I chose to analyze an episode of the popular Shonda Rhimes series, Scandal. Scandal is a political drama/thriller series set in Washington, D.C. in which Olivia Pope and her team of “gladiators” work to solve serious problems for the government, politicians (including multiple presidents) and the elite, uber wealthy. In this particular episode, Olivia asks her gladiator and professional murderer, Huck, to kill her own father, Ely, (and Huck’s former commander) because she knows that he assassinated president-elect Frankie Vargas. However, Huck knows that Ely only killed Vargas because a group of people told him he had to or they would immediately have Olivia murdered. Huck tells Olivia this because he is convinced there is a “mole” among Olivia’s team, poised to kill her at any time. Olivia doesn’t believe him until Huck presents footage of an exchange among Ely and the group threatening to kill Olivia. Olivia then calls off the operation to kill her father. In a shocking turn of events, the mole among Olivia and her gladiators ends up being Meg, the seemingly innocent young woman who Huck had been seeing. In the final seconds of the episode, Meg murders Huck and reports to the woman threatening to murder Olivia and Abbey, ex-gladiator and current White House Chief of Staff that she has taken care of Huck.
In classic Shonda Rhimes fashion, Scandal places great emphasis on the role and power of female characters. As per usual, Olivia Pope is depicted as being very powerful because she commands a highly trained group of individuals to do whatever she says—in this case, murdering her father. Olivia’s character is also notable because not only is she a woman, but she is also African-American. Rhimes uses Olivia’s character strategically to defy the stereotype of white men having wielding a great deal of power and influence in Washington. In this particular episode, Meg’s character also demonstrates female dominance. She manages to lure Huck, a cold-blooded killer, into falling in love with her by presenting herself as being naïve and generally interested in him. This is a very notable moment because, throughout the whole series, Huck is presented as being cold, introverted, and not apt to fall in love. This is the second time throughout the whole series Huck seems to have genuinely fallen for a woman and it ultimately leads to his death. Immediately following Huck’s murder, Rhimes deliberately cuts to a scene of the three women who had been plotting to kill Huck, and gives the audience the impression that they also intend to kill Olivia. This scene is very powerful because it illustrates women outsmarting Huck, who had been portrayed as a lethal killer.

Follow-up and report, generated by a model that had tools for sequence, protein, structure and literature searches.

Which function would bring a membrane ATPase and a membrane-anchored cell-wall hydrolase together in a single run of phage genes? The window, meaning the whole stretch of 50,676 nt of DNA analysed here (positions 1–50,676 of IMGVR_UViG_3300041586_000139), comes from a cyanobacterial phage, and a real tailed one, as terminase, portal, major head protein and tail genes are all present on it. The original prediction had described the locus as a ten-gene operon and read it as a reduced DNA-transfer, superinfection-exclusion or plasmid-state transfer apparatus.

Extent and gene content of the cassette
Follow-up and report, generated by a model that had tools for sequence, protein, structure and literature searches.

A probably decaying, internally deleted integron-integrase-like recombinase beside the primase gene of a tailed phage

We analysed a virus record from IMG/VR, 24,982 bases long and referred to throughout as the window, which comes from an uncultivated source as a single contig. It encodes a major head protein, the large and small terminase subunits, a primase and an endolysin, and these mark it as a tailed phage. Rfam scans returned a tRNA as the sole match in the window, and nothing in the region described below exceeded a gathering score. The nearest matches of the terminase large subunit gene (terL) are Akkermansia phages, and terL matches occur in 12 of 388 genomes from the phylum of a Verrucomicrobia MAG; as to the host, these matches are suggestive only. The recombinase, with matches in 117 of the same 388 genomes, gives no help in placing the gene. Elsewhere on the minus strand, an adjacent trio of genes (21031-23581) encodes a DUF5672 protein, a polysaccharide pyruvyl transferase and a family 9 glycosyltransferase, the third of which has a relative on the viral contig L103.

In addition to the role of women in this episode, Rhimes also utilizes violence to invoke fear and suspense. The violence in this episode is particularly ironic because in the first instance, Huck is threatening Meg. Huck believes Meg may be the “mole” trying to kill Olivia, so he pins her to the wall and threatens to inject her with a tranquilizer. Meg is hysterical and convinces Huck she is innocent so he releases her. The final instance of violence we see is Meg holding a gun to Huck in a hotel room and then murdering him. Once again, Rhimes’s use of violence is incredibly well-placed because, in an attempt to protect Olivia, Huck ends up getting himself killed by his own love interest.
As a whole, this was one of the most thrilling because of Huck’s murder, since he had been such a major character throughout the entire series. As a long time viewer of the show, I found myself shocked and ready to watch the next episode to figure out why, exactly, Huck was murdered. Additionally, Rhimes demonstrates her pro-woman in power view in the characters of Olivia and Meg. For viewers of other Rhimes shows, such as a Grey’s Anatomy, seeing a powerful female lead is nothing new; though, it does draw female viewers to the shows.
Meg seconds before murdering Huck